Few things hold the imaginings of the religious and superstitious like the idea of demons. Demons are beings that are often seen as malevolent that can be found in religion, in literature, mythology, and folklore. They are most commonly found in the religions of Judaism, Christianity and Hinduism. Demons are believed to have originated from one of four different things: the deaths of wicked men and demons are their unresting spirits, the spirits of a race of beings from before humanity, spirits from the unions of Nephilim and human women, or they are the fallen angels that were cast our of heaven when Satan waged war against God.

Classifications of Demons

DemonsThere are many different types of demons and classification of them has been attempted many times throughout the course of history beginning with The Testament of Solomon. Classification systems tend to look at either their nature, the sin with which they tempt people, and may include their angelic adversary or their behaviors, appearance, and methods of torture.

There have been nine classifications of demons by area of activity and knowledge. These include The Testament of Solomon, Psellus' classification of demons, The Lanterne of Light's classification of demons, Spina's classification of demons, Agrippa's classification of demons, Binsfeld's classification of demons, King James' classification of demons, Michaelis classification of demons including all three hierarchies, and Barrett's classification of demons. The Lanterne of Light was the first to connect a specific demon to each of the seven deadly sins: Lucifer with pride, Beelzebub with gluttony, Sathanus with wrath, Leviathan with envy, Mammon with greed, Belphegor with sloth, and Asmodeus with lust. Binsfeld's classification a century and a half later varied slightly with Satan as wrath.

Demon Types

Spina created classifications of type: demons of fate, goblins, incubi, succubi, familiars, drudes, cambions, and mischievous demons. King James indentified four groups of demons: the spectra who trouble houses and solitary places, the obsessions which follow and trouble people, possessions which enter the person to trouble them, and fairies which are spirits that prophesy, consort, and transport people. Agrippa identified a demon for each of the cardinal points: Oriens for the East, Paymon for the West, Egyn for the North,, and Amaymon in the South as well as adding the classifications of false spirits, spirits of lying, vessels of iniquity, jugglers, airy powers, furies, sifters, and tempters. Barrett expanded on this by claiming a 'prince' was in control of these categories:

  • Beelzebub, Prince of False Gods and Ruler of Idolaters
  • Pythius, Prince of Lying Spirits and Ruler of Liars
  • Belial, Prince of Iniquity and Ruler of Those Who Invent Evil Things
  • Asmodeus, Prince of the Revengers of Wickedness
  • Satan, Prince of Imitation of Miracles and Ruler of witches and warlocks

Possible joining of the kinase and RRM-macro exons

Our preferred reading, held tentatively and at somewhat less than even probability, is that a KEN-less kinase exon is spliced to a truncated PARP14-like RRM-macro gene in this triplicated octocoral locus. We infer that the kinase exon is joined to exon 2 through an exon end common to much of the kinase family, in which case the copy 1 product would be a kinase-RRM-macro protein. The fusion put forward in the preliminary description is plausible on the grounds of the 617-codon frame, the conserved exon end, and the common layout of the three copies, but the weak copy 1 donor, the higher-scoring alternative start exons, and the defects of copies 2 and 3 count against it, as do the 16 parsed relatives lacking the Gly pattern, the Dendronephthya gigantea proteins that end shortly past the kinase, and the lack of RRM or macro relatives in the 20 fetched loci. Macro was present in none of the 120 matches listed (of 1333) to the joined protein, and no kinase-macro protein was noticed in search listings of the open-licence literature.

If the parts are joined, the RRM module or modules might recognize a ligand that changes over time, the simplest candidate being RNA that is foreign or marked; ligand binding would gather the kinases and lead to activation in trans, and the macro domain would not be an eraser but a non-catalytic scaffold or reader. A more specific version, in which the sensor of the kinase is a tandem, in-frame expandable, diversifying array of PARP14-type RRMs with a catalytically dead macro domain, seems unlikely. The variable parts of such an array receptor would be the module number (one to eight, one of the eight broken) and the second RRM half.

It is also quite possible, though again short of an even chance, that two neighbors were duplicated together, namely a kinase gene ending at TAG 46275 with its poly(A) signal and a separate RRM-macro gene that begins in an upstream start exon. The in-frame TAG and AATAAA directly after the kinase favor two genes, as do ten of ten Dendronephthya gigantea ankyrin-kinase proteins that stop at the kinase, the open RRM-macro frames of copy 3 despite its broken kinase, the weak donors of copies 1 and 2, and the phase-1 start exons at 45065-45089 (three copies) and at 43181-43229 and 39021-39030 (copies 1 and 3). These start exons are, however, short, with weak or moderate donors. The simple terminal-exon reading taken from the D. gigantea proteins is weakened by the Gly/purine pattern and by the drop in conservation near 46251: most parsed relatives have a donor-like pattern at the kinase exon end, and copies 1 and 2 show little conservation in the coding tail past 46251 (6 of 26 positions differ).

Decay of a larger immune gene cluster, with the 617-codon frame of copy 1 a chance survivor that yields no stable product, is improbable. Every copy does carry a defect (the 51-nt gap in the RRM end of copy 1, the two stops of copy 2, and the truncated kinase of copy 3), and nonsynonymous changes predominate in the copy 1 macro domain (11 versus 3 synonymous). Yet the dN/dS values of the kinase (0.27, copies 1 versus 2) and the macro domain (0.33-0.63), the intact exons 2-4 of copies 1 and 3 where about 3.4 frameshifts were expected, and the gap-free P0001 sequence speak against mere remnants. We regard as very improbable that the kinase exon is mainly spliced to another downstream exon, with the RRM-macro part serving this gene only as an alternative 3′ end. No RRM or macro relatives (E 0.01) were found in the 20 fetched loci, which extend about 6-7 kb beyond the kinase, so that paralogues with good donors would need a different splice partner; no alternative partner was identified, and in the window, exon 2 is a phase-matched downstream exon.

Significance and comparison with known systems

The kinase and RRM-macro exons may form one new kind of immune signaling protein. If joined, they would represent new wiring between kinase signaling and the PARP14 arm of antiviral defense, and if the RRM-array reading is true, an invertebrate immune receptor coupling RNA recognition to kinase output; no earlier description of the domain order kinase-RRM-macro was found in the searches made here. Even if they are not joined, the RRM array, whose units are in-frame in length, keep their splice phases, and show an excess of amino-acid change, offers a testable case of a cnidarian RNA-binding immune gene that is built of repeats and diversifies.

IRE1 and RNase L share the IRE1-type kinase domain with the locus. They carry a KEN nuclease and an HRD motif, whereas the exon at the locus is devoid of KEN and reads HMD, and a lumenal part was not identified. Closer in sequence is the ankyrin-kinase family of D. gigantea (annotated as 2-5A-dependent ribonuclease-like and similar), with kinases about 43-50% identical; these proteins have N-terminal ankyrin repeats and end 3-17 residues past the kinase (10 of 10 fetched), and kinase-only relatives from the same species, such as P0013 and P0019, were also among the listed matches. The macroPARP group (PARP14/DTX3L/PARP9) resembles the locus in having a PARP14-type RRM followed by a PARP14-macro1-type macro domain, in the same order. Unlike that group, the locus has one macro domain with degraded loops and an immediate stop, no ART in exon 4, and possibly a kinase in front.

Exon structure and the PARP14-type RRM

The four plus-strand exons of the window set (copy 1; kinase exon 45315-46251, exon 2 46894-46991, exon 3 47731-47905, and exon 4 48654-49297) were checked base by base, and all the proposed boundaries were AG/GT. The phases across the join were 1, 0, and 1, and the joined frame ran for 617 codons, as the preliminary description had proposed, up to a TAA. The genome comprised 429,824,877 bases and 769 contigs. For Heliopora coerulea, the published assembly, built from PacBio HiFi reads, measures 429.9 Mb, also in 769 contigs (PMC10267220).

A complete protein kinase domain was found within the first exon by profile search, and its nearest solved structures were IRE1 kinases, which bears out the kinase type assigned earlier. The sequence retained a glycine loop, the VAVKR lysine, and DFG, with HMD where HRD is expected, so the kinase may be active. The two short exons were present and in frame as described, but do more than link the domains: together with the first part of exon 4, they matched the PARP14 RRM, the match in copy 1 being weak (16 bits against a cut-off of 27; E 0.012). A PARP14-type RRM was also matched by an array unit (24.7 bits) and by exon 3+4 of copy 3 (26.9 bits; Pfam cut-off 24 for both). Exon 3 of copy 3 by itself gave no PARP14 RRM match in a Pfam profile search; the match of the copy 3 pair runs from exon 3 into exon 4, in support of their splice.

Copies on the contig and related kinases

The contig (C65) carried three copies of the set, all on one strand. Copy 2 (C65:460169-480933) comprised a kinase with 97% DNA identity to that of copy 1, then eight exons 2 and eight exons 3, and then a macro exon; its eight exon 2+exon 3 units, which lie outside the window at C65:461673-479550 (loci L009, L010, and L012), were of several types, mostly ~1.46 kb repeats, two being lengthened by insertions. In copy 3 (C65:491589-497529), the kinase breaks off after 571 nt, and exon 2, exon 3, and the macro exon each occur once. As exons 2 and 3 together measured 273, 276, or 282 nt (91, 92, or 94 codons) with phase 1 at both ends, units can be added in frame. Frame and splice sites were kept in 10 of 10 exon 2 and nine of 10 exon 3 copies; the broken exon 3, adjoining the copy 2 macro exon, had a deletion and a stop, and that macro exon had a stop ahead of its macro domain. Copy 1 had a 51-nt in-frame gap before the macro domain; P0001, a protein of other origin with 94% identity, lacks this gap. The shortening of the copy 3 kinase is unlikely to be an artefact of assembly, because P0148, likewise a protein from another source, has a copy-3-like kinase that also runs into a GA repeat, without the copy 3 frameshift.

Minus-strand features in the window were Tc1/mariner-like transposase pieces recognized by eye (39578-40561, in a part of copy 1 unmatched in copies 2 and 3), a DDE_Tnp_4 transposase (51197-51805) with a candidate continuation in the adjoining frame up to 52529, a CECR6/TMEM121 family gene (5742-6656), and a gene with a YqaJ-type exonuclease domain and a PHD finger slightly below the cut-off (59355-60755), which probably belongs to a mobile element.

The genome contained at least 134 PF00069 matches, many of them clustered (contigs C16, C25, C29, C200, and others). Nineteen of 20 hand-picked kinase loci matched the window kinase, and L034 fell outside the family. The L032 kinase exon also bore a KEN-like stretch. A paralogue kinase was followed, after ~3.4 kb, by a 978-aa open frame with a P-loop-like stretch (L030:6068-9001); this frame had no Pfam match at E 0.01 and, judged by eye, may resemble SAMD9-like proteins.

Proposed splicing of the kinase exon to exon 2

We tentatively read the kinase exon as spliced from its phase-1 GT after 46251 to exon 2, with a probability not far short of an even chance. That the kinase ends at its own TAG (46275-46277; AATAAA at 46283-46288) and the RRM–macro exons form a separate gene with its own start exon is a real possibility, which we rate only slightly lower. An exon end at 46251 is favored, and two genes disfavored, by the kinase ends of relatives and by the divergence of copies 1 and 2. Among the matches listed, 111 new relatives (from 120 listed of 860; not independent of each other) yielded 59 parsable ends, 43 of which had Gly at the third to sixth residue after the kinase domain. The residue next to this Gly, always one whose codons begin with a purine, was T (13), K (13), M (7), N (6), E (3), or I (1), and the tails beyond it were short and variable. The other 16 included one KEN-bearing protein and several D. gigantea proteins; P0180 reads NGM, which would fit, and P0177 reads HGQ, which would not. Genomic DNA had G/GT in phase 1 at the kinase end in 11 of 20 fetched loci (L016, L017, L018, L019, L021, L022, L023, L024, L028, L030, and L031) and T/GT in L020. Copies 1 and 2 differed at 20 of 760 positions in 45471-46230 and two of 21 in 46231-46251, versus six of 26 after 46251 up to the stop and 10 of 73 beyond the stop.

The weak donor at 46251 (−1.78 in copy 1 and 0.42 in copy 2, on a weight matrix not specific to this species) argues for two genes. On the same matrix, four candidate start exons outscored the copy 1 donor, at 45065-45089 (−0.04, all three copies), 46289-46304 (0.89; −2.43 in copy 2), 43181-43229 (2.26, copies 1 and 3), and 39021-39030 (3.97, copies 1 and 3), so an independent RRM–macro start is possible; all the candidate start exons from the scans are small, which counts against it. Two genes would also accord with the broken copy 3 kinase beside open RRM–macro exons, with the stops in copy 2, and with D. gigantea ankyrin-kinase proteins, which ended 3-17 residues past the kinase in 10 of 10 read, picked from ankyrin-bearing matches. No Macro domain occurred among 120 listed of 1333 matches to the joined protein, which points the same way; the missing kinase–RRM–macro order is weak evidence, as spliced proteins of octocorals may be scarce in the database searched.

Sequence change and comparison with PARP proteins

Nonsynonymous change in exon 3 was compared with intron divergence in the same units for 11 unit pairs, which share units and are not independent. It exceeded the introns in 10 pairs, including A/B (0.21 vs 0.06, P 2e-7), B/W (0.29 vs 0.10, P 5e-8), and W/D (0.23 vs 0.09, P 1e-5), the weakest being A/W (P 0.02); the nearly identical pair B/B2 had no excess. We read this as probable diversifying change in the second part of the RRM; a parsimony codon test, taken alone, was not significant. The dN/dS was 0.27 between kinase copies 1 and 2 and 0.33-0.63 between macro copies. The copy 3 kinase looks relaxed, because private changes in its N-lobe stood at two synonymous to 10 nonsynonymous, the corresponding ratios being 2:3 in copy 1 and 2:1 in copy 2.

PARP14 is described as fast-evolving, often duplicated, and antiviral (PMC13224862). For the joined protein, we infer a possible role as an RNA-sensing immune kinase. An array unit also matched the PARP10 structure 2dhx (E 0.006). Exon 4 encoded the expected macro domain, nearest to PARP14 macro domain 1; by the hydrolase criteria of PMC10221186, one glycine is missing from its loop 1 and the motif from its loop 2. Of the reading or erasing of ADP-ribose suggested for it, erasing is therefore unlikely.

• Merihem, Prince of Aerial Powers and Ruler of Pestilence
  • Abbadon, Prince of Furies and Ruler of those who Sow Discord
  • Astaroth, Prince of Calumniators, Ruler of those who make False Accusations
  • Mammon, Prince of Maligenii, Ruler of the Tempters and Ensnarers
Perhaps the most in depth classification by domain is that of Sebastien Michaelis who wrote the book Admirable History which he claimed was told to him by the demon Berith. He divided them into three heirarchies based on what they had been in heaven before they were cast out. The first hierarchy was for angels classifed as Seraphim, Cherubim, and Thrones, the second for Powers, Dominions, and Virtues, and lastly Principalities, Archangels, and Angels. Within these hierarchies he then identified them by the sin they will tempt someone to commit, as well as the saint that stands in opposition to them.

Demon Ranks

The classifications of demons by office, rank or title are The Book of Abramelin, Le Livre des esperitz, Le Dragon Rouge, Pseudomonarchia Daemonum, The Lesser Key of Solomon, The Ars Goetia, Dictionnaire Infernal, and the Satanic Bible. These sorts of books all held not only lists of demons, their ranks in Hell, and number of demons under their command, but many also included ways to bind them to your will or enter into pacts with them. The Dictionnaire Inferal is particularly popular and has the demonic ranks listed out as though they are a European court with Princes, Dignitaries, Ministers and other governmental distinctions.

In general, it is believed that there are nine main categories of demons: False Gods, Lying Spirits, Iniquitous Spirits, Vengeful Spirits, Deluding Spirits, Creators of Storms, The Furies (the powers of evil, war and discord), Accusers, and Tempters. The most common types of demons include: archdemons, familiars, goblins, gorgons, imps, incubi, jinn, poltergeists, and succubi.

More Demons at Astronlogia